Back to work during/after chemo
Posted on 16 October 2015
Starting work again after chemotherapy or while undergoing it needn’t be a mental obstacle course. Here’s how you can cope – or help a colleague in this situation.
‘Chemo brain’ affects 20-30% of people undergoing chemotherapy and is characterised by changes in cognitive abilities, including memory and concentration loss, having trouble remembering names or common words, and not being as quick-witted as you were before. Follow these tips to ease back into your work environment:
1. Identify any sources of stress and try to eliminate or reduce it – for instance, a colleague’s loud radio or constant chatter by your desk. Deep breathing can also help to reduce stress.
2. Minimise your exposure to toxins – from sitting next to an open window that lets in pollution to handling toxic or potentially dangerous materials.
3. Making a simple to-do list can help with concentration issues. Only tackle one priority at a time and don’t focus on the rest. Don’t try to be a master multi-tasker.
4. Use apps and features to jog your memory – calendar reminders, sticky notes and alarms can all help you remember meetings or deadlines.
5. Declutter your workspace. Keep a tidy desk and turn off your email and internet while working to minimise distractions that hamper your concentration. You can even have set hours for answering emails – set up an auto-reply letting people know when you’ll be replying to their mails.
6. Try to scale back on your workload, eat a nutritious, balanced diet and take daily mild exercise – why not use your lunch hour to stroll around a local park? And try to take the stairs instead of the elevator.
7. Avoid greasy, salty, fried or spicy food to help curb nausea and vomiting.
8. Don’t be afraid to ask for help from your colleagues – ask a work friend to help prompt you when she notices you can’t remember a name, schedule or details. Don’t let them do the work for you, because you need retrain your brain to remember; instead, let them help you trace the steps if you have difficulty remembering your daily tasks.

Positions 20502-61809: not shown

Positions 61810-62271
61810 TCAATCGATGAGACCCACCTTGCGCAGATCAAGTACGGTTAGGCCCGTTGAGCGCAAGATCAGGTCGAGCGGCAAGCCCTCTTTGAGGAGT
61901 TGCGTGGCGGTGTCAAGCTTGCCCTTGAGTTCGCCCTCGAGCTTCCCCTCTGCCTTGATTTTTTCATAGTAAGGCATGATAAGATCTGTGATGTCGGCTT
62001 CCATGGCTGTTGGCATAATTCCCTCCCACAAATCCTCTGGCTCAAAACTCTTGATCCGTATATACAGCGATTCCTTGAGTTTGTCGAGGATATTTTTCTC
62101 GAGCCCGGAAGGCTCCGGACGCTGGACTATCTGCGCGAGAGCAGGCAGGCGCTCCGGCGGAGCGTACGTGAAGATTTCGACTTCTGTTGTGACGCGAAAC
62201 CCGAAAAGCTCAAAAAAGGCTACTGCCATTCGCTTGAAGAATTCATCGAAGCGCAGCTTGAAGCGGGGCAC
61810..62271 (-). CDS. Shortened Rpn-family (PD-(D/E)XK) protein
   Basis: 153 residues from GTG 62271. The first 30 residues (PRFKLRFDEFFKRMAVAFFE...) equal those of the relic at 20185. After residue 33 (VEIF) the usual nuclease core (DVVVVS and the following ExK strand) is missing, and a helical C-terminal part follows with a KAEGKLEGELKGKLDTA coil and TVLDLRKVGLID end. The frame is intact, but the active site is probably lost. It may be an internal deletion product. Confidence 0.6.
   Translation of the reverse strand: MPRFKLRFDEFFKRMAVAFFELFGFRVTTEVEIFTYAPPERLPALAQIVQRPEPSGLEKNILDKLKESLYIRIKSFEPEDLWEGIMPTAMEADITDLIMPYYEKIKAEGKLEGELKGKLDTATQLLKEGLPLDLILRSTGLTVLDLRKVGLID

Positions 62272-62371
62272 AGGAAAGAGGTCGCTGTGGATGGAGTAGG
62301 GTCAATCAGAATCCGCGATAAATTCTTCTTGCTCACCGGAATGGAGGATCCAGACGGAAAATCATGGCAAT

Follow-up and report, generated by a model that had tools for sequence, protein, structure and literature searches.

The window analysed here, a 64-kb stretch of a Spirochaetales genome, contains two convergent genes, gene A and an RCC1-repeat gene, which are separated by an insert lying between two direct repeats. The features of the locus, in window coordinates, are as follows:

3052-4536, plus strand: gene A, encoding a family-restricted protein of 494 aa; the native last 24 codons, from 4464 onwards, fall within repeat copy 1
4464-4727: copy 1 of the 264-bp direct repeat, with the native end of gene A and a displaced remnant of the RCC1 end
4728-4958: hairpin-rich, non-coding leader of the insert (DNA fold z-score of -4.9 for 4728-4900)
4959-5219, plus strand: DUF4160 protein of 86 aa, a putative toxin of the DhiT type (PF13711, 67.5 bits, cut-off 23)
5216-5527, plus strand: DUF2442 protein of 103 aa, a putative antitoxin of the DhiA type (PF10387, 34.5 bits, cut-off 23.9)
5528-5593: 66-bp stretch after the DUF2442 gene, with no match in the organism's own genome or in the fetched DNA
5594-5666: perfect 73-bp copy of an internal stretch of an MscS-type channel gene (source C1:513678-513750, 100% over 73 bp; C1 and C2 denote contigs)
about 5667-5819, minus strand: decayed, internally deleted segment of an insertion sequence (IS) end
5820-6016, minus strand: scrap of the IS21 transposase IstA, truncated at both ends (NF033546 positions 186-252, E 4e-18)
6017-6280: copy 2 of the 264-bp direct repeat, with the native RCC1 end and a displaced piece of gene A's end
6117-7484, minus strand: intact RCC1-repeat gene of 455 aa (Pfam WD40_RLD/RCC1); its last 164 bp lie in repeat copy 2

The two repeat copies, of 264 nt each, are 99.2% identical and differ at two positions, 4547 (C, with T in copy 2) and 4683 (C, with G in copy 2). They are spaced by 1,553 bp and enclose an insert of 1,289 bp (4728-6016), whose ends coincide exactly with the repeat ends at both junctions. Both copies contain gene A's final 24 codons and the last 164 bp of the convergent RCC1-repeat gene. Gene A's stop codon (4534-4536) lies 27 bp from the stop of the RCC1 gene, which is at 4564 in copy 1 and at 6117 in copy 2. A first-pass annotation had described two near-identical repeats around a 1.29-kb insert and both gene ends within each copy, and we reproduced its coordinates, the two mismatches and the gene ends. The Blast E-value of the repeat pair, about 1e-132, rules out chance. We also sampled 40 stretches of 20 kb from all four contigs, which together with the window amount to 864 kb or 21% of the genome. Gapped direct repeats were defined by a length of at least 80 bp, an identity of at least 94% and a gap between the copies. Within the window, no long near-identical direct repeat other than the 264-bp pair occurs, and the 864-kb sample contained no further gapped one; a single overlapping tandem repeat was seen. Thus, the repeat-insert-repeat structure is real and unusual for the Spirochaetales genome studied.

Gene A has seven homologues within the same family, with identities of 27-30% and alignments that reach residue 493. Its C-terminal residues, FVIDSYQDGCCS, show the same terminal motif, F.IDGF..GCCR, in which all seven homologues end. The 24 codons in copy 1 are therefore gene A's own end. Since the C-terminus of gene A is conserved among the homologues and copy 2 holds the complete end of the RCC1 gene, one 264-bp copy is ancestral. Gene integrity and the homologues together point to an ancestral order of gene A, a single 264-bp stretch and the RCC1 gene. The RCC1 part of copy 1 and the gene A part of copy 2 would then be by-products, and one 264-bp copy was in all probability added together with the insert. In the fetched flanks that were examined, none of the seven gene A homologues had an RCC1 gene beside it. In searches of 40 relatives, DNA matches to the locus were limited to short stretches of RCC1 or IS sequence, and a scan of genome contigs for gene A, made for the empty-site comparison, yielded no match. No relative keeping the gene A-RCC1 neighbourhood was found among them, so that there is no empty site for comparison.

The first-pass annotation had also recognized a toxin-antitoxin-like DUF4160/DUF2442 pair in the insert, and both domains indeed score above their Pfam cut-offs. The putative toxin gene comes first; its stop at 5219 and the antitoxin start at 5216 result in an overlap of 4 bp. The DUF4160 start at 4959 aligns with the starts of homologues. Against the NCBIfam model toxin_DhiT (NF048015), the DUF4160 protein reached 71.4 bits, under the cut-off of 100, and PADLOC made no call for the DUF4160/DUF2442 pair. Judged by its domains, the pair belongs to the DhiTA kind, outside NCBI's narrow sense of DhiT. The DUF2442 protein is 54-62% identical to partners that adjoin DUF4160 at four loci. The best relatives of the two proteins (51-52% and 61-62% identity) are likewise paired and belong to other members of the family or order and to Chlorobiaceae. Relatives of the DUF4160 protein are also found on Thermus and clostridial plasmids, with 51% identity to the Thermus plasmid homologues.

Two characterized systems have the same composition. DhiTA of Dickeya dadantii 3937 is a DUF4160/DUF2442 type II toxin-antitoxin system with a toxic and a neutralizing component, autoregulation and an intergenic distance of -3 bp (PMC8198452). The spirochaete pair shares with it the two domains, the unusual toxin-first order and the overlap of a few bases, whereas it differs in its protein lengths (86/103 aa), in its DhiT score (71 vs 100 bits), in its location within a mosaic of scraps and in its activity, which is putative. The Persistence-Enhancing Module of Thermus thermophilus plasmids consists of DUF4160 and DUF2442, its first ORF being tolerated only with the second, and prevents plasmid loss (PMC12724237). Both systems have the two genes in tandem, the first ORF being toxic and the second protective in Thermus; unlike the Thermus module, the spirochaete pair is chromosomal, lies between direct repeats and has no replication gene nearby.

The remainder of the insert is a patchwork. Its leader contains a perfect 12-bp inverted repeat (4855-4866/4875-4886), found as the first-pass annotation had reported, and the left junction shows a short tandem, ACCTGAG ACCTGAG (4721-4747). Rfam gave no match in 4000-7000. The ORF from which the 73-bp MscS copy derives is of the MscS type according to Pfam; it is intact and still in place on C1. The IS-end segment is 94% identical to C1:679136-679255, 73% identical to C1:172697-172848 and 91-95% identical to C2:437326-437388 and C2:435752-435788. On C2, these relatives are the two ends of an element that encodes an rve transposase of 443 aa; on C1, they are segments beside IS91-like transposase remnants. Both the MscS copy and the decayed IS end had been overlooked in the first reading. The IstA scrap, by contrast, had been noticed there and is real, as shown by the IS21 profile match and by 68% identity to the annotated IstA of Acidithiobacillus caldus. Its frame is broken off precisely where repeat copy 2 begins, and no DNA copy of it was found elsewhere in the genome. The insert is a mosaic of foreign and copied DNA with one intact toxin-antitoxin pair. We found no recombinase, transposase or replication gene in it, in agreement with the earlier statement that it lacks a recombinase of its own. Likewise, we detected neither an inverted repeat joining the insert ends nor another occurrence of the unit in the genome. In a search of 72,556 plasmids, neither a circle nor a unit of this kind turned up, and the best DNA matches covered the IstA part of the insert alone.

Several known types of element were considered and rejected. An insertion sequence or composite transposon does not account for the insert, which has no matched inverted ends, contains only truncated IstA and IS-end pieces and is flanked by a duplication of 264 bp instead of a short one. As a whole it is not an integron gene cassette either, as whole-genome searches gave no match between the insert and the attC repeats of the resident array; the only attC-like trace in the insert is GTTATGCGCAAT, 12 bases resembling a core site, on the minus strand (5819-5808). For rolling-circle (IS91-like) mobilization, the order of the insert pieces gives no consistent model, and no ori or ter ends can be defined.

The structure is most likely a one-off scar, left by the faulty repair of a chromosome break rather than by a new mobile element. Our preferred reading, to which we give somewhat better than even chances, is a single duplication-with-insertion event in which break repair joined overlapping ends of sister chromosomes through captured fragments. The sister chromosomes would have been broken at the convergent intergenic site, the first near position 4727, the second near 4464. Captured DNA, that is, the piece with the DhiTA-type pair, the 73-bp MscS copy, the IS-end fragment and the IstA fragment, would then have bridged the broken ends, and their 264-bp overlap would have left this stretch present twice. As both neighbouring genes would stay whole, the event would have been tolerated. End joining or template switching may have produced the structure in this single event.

9. Interact with your colleagues – talking and thinking is good recovery for the brain.
My colleague is going through chemo – how can I help?
1. Don’t ignore the situation, but take your cues from your colleague – if they don’t want to talk about it, don’t prod and pry. Be genuine and heartfelt in your comments; ask them how they are doing and how you can help. Avoid well-meaning but patronising comments – such as ‘Just stay positive!’ – that could make your colleague feel as if their very real fears and concerns are not legitimate.
2. Offer help in concrete ways, listen when they want to talk, and continue including them in projects or social events, unless they tell you the load is too much right now.
3. Give compliments when they’re looking good, but refrain from pointing out when they’re not looking well – ‘you look pale’ or ‘you’ve lost weight’, for instance.
4. Remember, each cancer story is different and your cousin’s child’s best friend’s father’s cancer tale might not be helpful to your colleague. Rather let them know you are available to talk or listen and let them take the conversation from there.
5. Above all, keep your relationship normal, show patience and compassion, and keep your colleague’s confidentiality – do not discuss their treatment or symptoms with anyone without their permission.
The information provided in this article was correct at the time of publishing. At Mediclinic we endeavour to provide our patients and readers with accurate and reliable information, which is why we continually review and update our content. However, due to the dynamic nature of clinical information and medicine, some information may from time to time become outdated prior to revision.